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OECD/FAO anticipate promising future for farm-commodity prices

Wednesday, July 11th 2012 - 22:09 UTC
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Agricultural production needs to increase 60% in the next four decades Agricultural production needs to increase 60% in the next four decades

World farm commodity prices will edge higher in the next decade, and oilseeds are set to outperform wheat and other cereals, both trends fuelled by demand in emerging economies, the OECD said on Wednesday, presenting a joint report with the UN's food agency FAO.

Prices have eased from record highs hit in February last year and have stabilised as farmers boost output, but burgeoning demand for food, feed and fuel will keep prices firmly underpinned in coming years, the two bodies said.

“The trend is now on the upside,” OECD Secretary General Angel Gurria told a news conference in Rome. “That's due to scarcity of resources and land, more people on the planet and changing consumption patterns.”

In nominal terms, prices are set to rise over the next 10 years. Prices adjusted for inflation will remain flat or decline from current levels but are projected to average 10 to 30% above those of the previous decade, the report found.

High food prices at the start of last year helped fuel the Arab Spring uprisings in the Middle East and North Africa, but prices receded in the second half of 2011.

Food prices measured by the UN's Food and Agriculture Organisation (FAO) have fallen in the past three months but are expected to rebound in July following relentless dry weather, which has affected U.S. corn and soybean crops.

Gurria said in an interview that price spikes in soybean and corn markets over recent weeks would quickly lead to inflationary pressures, especially in poorer countries where food takes up a larger proportion of household spending.

The joint OECD-FAO Agricultural Outlook 2012-2021 report found that the risk of price spikes would increase in coming years.

“We expect prices will remain volatile as demand grows but stock levels fail to rise as much as in the past - that way any shortfalls will tend to have a higher impact on markets,” Merritt Cluff, FAO senior economist, said in an interview.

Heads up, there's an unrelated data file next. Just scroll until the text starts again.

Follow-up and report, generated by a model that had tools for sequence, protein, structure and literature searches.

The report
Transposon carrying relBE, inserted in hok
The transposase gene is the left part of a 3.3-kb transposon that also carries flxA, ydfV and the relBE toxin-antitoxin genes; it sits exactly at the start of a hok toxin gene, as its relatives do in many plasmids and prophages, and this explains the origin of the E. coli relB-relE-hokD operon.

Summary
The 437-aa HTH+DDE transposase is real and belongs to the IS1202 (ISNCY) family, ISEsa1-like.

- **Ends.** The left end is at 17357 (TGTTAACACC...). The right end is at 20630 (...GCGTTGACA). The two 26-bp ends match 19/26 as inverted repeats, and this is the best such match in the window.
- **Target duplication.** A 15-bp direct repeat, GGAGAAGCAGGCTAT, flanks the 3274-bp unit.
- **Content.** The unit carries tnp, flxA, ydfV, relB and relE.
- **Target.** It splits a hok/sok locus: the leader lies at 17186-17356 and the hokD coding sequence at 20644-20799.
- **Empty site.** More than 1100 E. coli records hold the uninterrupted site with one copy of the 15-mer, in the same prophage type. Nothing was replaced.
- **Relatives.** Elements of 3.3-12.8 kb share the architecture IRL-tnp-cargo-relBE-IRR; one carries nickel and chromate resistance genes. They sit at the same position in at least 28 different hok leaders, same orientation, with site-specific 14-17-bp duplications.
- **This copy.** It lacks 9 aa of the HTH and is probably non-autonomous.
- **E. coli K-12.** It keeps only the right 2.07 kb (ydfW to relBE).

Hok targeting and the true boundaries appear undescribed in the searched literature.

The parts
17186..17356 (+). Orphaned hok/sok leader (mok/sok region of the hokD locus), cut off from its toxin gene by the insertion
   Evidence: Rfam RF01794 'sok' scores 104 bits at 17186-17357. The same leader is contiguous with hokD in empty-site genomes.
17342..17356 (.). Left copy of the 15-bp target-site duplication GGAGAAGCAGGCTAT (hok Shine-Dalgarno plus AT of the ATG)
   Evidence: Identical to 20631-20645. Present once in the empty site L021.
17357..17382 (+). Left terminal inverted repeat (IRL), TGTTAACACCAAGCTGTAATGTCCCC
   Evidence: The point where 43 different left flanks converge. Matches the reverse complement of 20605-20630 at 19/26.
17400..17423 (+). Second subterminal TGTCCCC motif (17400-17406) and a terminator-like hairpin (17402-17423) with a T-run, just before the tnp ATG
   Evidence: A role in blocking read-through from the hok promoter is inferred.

Weather-related yield variability and slower growth in production will also encourage volatility, FAO and OECD said.

Agricultural output growth is expected to slow to 1.7% per year over the next decade from more than 2% over the past several decades.

But the report warned that agricultural production needs to increase by 60% over the next 40 years to meet the rising demand for food.

Cluff said major sectors of growth in the next 10 years would be the livestock feed and vegetable oils markets as more people in developing countries consume meat and processed foods such as cookies and chocolate bars.

The trend will boost demand for oilseeds, while demand for wheat and other cereals is expected to be weaker.

“Higher income growth and urbanisation in emerging economies increases the tendency to buy value-added food products and get protein from meat, poultry and processed foods,” he said. “Protein from cereals will not see such demand in future.”

Prices for oilseeds are projected to increase in nominal terms by 9% over the decade, more than the rise anticipated for coarse grains and wheat, the report said.

High crude oil prices and bio-fuel mandates will also underpin oilseeds and vegetable oil prices. About 16% of global vegetable oil production should be used to produce bio-diesel by 2021.

Meanwhile, ethanol production is set to absorb 14% of global coarse grain production and 34% of sugarcane production by that date, the report said.

Gurria said bio-fuel policies would have a big impact on volatility levels of food commodity markets.

“Price spikes will have a lot to do with how much food is burnt for bio-fuel. That is going to have a serious bearing on the price of food going forward,” he said.

Sugar prices are seen staying at high levels, underpinned by low stocks, and further bouts of price surges are possible in response to unforeseen production shocks, the report said.

Meat prices are also set to remain on a high plateau during the next decade under persistently high production costs and more stringent food safety, environmental and animal welfare regulations.

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